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@Maria has got it, thank you for explaining.

The nutritional requirements of children differ from that of an adult. Huel is nutritionally complete based on the nutritional requirements of an adult therefore is not suitable for 100% of a child’s diet. This is explained in the article I linked to above.

I don’t see where it is explained.

“If your child has health issues, we recommend you consult your doctor or relevant clinical professional before allowing them to consume Huel Products.”

That’s effectively a disclaimer to consult a professional because there is little information on how the suggested amount of calories is 25%, even though the protein and carb RDA for children older than 4 is the same as adults.

Whatever, it’s not my issue. The OP was almost asking if Huel would work as a solution for her 9 year old on a liquid diet for 2+ months… the answer to have up to 500 kcal of Huel “is fine” if the remaining calories come from other food would not be satisfactory to me. However, she hasn’t commented since the first post, so I yield.

In the same paragraph you quoted from “As upper safe limits for vitamins and minerals in children haven’t been evaluated, we suggest children consume Huel Products up to around the recommended requirement levels for their age.”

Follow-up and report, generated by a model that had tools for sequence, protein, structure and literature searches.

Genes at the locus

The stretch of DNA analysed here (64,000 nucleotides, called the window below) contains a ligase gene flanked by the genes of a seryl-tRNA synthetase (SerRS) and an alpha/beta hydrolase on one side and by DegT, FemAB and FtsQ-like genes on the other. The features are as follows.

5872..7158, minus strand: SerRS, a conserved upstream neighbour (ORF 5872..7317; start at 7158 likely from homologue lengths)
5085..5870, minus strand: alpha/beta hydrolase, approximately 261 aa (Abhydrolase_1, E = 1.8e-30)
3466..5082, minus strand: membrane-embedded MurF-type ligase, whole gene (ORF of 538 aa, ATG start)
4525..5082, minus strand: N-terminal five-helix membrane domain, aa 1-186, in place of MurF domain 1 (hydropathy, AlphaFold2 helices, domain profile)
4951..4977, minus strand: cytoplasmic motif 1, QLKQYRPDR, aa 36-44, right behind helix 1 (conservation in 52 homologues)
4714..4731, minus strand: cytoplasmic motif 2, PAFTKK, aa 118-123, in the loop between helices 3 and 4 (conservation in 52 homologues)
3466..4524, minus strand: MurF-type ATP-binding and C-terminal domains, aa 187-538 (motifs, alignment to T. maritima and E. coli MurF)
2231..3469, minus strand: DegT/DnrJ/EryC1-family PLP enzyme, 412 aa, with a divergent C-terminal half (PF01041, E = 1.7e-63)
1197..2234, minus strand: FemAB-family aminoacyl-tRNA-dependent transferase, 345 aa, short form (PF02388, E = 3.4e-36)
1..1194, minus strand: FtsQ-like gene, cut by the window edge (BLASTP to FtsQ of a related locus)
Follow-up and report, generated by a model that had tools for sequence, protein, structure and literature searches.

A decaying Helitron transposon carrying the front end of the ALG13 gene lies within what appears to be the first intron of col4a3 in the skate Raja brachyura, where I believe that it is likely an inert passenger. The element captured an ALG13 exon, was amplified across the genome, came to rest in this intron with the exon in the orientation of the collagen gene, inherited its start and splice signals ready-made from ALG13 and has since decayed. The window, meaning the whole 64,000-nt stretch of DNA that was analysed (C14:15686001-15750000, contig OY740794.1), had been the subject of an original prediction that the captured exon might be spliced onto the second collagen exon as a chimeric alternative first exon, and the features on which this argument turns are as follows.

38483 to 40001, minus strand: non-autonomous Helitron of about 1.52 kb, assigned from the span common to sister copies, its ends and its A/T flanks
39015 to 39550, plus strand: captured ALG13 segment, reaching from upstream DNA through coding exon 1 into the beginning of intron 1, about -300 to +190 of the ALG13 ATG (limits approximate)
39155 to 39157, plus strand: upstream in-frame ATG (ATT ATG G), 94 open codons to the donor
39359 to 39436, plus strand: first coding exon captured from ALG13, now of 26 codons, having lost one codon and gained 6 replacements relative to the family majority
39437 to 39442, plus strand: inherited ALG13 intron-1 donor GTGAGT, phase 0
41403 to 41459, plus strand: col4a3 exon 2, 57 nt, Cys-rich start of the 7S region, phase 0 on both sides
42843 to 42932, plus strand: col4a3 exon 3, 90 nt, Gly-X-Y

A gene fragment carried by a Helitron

I’ve been lurking and reading. I only haven’t commented because I wanted to get as much information as possible. His doctors will suggest things such as soup broth and such so I may supplement the rest with similar items. I’m just concerned at this point because he has a bad habit of, if he doesn’t like something, he forces himself to throw up and if they wire his jaw shut this could be a serious problem. But he hasn’t done it in awhile so I’m hoping its a non-issue now. Most of my concerns at this point are things I’ll have to go over with him and his doctor.

Thank you everyone for all your help and input! Thank you especially for being so kind in it all, I was honestly concerned about responses I might get (being the internet, we know how badly things can go sometimes). Thank you so much!

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Forcing himself to throw up when he doesn’t like a food is not a bad habit. It’s a treatable eating disorder.

Don’t jump to conclusions here. Cleft palates are often (but not always) associated with cognitive impairments, developmental delays, etc. In other words, a cleft palate can be part of a syndrome. Her child may have other medical issues and the forced vomiting wouldn’t be treatable in the typical sense. Whether the cleft palate is an isolated issue or not, I’m quite sure the OP has explored this issue with her son’s team. Just a caution not to assume from someone in the field of genetics.

I came across Might be worth a read. I say it’s more palatable than those - but that’s me. I mean, when I was a teen I ate yogurt and orange juice and my parents complained that I’m on a liquid diet - but honestly - it’s the easiest stuff to eat (and I ended up a healthy person). Solid food just doesn’t cut it (for an athletic lifestyle and for better/faster absorption when I was going through growth spurts). So people go on liquid diets for various needs, but I could say that as long as it’s an adequate nutritionally, it’s fine - it’s still food in the end.